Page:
Crossbar could commercialize ultradense 3D resistive RAM before HP memristors

Crossbar has developed a simple and easily manufactured RRAM-based memory technology that can scale up to 1 terabyte (TB) on a chip the size of a postage stamp. Its simple structure allows 3D stacking for multiple terabytes on a chip. Manufactured with standard CMOS processes, the simplicity of Crossbar’s RRAM technology makes it possible to easily stack non-volatile memory on top of microcontroller and other logic on FPGAs and highly integrated SOCs at advanced nodes.

With 20X higher performance and 20X lower power than NAND, and 10x the endurance at half the die size, Crossbar has shattered traditional technology barriers for NOR (code), NAND (data) and embedded memory applications and will enable a new wave of electronics innovation for consumer, enterprise, mobile, industrial and connected device applications.

Demonstrated at IEDM, Crossbar’s selector solves the sneak path problem by achieving the highest reported selectivity of 10^10, as well as an extremely sharp turn-on slope of less than 5mV/dec, fast turn-on and recovery (less than 50 nanosecond), an endurance greater than 100M cycles, and a processing temperature less than 300°C, all ensuring commercial viability. The company was able to achieve this by developing a patent-protected special architecture in the Crossbar RRAM cells, putting them into a low-voltage state before certain thresholds, enabling a single transistor to drive over 2,000 memory cells with very low power.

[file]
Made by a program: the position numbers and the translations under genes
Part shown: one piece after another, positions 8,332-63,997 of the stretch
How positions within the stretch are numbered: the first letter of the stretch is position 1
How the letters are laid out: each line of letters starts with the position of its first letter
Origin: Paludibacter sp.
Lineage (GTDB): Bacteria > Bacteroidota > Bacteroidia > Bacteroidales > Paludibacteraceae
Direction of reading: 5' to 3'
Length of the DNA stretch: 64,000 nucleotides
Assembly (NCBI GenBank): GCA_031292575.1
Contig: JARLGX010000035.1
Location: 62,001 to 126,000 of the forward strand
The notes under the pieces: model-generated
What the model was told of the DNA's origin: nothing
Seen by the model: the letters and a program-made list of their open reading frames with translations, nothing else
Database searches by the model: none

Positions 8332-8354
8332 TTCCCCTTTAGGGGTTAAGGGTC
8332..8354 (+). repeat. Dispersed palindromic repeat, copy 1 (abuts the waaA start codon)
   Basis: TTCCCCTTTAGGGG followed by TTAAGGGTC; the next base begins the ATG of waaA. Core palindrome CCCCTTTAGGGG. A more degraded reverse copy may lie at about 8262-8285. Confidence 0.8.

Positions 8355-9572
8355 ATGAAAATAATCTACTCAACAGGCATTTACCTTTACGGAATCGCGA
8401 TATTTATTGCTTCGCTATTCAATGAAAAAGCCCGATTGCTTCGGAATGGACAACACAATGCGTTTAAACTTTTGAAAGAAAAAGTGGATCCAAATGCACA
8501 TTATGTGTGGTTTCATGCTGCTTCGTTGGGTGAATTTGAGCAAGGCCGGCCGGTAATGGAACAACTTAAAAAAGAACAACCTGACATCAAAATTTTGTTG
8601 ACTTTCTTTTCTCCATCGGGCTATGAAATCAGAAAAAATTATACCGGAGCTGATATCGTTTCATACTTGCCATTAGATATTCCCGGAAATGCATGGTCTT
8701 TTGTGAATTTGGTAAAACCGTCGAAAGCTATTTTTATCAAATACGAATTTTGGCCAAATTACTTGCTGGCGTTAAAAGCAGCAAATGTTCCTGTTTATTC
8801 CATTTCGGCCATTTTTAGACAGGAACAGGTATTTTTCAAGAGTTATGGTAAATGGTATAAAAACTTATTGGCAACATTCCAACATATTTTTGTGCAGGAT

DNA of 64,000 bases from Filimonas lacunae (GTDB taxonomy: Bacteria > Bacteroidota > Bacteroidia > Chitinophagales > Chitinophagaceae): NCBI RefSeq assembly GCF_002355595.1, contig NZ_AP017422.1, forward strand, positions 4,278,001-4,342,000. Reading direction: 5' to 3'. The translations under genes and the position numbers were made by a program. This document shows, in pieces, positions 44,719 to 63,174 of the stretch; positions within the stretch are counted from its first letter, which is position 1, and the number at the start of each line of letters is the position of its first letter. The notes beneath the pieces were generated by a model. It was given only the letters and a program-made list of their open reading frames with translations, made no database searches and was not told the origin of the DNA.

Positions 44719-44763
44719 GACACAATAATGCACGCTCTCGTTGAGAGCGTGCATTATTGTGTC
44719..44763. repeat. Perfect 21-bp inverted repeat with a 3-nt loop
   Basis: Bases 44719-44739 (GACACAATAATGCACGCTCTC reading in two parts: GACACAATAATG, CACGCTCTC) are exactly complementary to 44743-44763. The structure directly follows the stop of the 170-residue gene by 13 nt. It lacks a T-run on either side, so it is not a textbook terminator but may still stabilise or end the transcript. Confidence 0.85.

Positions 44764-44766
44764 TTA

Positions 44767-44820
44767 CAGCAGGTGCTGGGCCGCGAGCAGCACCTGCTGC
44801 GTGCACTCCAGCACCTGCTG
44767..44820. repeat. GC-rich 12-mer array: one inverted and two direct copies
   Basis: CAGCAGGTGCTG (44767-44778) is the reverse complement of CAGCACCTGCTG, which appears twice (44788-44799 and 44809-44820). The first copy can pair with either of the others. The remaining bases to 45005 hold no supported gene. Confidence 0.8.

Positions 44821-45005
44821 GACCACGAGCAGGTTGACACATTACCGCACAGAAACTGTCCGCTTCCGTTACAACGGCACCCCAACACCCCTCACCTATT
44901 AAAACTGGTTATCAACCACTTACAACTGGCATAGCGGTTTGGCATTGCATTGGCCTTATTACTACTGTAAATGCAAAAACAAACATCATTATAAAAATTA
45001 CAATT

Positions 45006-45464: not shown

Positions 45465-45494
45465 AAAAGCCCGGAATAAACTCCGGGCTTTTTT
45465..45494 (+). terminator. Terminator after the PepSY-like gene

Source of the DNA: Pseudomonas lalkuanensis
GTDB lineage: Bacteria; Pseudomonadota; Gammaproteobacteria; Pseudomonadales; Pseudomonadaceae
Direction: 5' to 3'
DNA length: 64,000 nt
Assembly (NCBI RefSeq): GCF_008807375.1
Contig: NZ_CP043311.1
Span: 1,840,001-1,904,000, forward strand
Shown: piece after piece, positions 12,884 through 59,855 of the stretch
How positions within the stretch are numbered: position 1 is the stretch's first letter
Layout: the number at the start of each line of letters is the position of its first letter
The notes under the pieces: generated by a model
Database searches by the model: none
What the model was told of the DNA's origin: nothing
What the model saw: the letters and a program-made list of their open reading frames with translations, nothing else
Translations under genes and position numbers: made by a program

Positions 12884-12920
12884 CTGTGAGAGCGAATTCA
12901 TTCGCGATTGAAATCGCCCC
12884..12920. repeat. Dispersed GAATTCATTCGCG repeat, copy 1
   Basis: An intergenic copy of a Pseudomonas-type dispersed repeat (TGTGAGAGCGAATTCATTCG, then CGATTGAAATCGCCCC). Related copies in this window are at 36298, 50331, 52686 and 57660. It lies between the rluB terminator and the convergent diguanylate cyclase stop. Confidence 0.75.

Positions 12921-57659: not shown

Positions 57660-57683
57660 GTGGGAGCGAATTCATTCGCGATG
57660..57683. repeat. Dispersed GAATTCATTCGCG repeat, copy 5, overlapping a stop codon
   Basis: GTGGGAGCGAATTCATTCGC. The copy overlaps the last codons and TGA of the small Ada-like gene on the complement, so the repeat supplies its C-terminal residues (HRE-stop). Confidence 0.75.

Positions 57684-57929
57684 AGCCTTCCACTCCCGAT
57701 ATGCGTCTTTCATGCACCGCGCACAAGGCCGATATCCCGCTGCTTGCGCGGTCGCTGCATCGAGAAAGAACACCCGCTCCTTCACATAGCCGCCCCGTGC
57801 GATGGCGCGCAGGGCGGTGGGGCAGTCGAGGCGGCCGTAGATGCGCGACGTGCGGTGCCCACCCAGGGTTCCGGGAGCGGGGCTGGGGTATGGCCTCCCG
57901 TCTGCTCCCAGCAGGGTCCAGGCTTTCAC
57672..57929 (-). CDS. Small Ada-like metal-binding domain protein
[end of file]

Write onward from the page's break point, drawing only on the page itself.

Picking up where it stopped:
Objective Analysis Jim Handy thinks 2023 as the year that this, or some competing technology, will displace flash or DRAM. Entrenched technologies will be with us for some time. Until then, this and all the other technologies vying to replace DRAM and flash will be relegated to niches

This is serious technology looking for a semi-conductor foundry partner to commit to manufacture. If Handy is right then we might see niche product emerging in the next 18 – 24 months. It will have to compete with HP’s Memristor and Micron’s PCM with HGST demoing a PCIe card PCM concept using Micron chips recently.

SOURCES – Crossbar, Register UK